All of these conditions were met. Confederate cavalry under Stuart kept the Union forces from spotting Jackson on his long flank march, which took the entire morning and midday. The only sighting came shortly after Jackson's corps disengaged from Union forces south of Chancellorsville, and this worked to the Confederates' advantage—Hooker thought that his cavalry under Stoneman had cut Lee's supply line and that Lee was about to retreat. Therefore, he stayed right where he was and never attempted an all-out attack. Meanwhile, trouble developed when Maj. Gen. Daniel Sickles, commander of the III Corps, spotted a Confederate column moving through the woods and decided to pull his troops out of line and go after it. What he saw was the tail end of Jackson's troops, who soon pulled away. Sickles's action netted only a handful of prisoners and left the XI Corps completely isolated.
At Fredericksburg, Sedgwick and Hooker were unable to communicate with one another because of a failure of telegraph lines. When Hooker finally got an order to Sedgwick late on the evening of May 2 ordering him to attack Early, Sedgwick failed to do so because he mistakenly believed Early had more men than he did.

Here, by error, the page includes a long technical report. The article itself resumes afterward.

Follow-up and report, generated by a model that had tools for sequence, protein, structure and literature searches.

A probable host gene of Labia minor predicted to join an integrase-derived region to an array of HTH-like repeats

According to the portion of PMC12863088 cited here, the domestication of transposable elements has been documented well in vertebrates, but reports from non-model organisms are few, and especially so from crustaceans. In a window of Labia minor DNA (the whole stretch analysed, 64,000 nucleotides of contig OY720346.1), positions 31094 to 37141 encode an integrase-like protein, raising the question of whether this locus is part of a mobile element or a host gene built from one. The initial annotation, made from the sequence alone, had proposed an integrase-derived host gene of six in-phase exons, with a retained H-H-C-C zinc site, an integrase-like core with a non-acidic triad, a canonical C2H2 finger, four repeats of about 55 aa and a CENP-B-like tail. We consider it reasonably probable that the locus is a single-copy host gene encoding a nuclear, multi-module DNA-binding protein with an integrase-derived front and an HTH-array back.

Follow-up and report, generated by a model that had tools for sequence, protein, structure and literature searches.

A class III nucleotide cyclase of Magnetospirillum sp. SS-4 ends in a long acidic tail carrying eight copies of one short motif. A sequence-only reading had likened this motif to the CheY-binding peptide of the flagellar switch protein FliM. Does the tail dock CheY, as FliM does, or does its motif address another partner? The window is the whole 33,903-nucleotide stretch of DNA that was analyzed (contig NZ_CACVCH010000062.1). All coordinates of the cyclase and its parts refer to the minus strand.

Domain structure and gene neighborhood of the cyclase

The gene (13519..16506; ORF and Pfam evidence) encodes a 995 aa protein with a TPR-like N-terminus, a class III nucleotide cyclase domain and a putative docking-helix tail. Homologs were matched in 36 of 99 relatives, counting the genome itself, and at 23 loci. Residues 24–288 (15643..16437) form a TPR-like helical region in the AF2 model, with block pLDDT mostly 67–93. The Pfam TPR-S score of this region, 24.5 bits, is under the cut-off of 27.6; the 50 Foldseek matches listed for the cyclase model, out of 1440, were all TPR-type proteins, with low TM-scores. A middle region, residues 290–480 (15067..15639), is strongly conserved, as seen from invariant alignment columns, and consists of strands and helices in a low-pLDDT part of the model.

But what led most of all to the impending Union disaster was the incompetent performance of the commander of the Union XI Corps, Maj. Gen. Oliver O. Howard. Howard, whose 11,000 men were posted at the far right of the Union line, failed to make any provision for his defense in case of a surprise attack, even though Hooker ordered him to do so. The Union right flank was not anchored on any natural obstacle, and the only defenses against a flank attack consisted of two cannons pointing out into the Wilderness. Also, the XI Corps was a unit with poor morale. The corps had originally been commanded by Brig. Gen. Franz Sigel, a political general appointed because of his abolitionist views. Although inept as a commander, he was very popular with the Germans, who had a saying "I fights mit Sigel". During the spring of 1862, Sigel's corps was detached from the main Army of the Potomac and placed in the Shenandoah Valley, where it was defeated by Stonewall Jackson's forces at Cross Keys. After the Peninsula Campaign, it was attached to John Pope's Army of Virginia where it fared no better, delivering a poor performance at Second Manassas. The XI Corps did not participate in the Antietam or Fredericksburg campaigns, and after Hooker took command of the army Sigel was dismissed and replaced by Howard. He dismissed a number of popular generals and replaced them with men like Francis C. Barlow, a ferocious disciplinarian who was known for swatting stragglers with the blunt end of his sword. Many of the immigrants had poor English language skills and they were subjected to ethnic friction with the rest of the Army of the Potomac, where all non-Irish immigrants were referred to as "Germans". In fact, half the XI Corps consisted of native-born Americans, mostly from the Midwest, but it was the immigrants with whom the corps came to be associated. Howard was also widely known as the "Christian Soldier", and the Germans took umbrage at this, having come from a society where prodestantism was widespread. The corps' readiness was poor as well—of the 23 regiments, eight had no combat experience, and the remaining 15 had never fought on the winning side of a battle. And although many of the immigrants had served in European armies, they tended to not perform well under the loose discipline of the American volunteer military. Because of these factors, Hooker had placed the XI Corps on his flank and did not have any major plans for it except as a reserve or mopping-up force after the main fighting was over.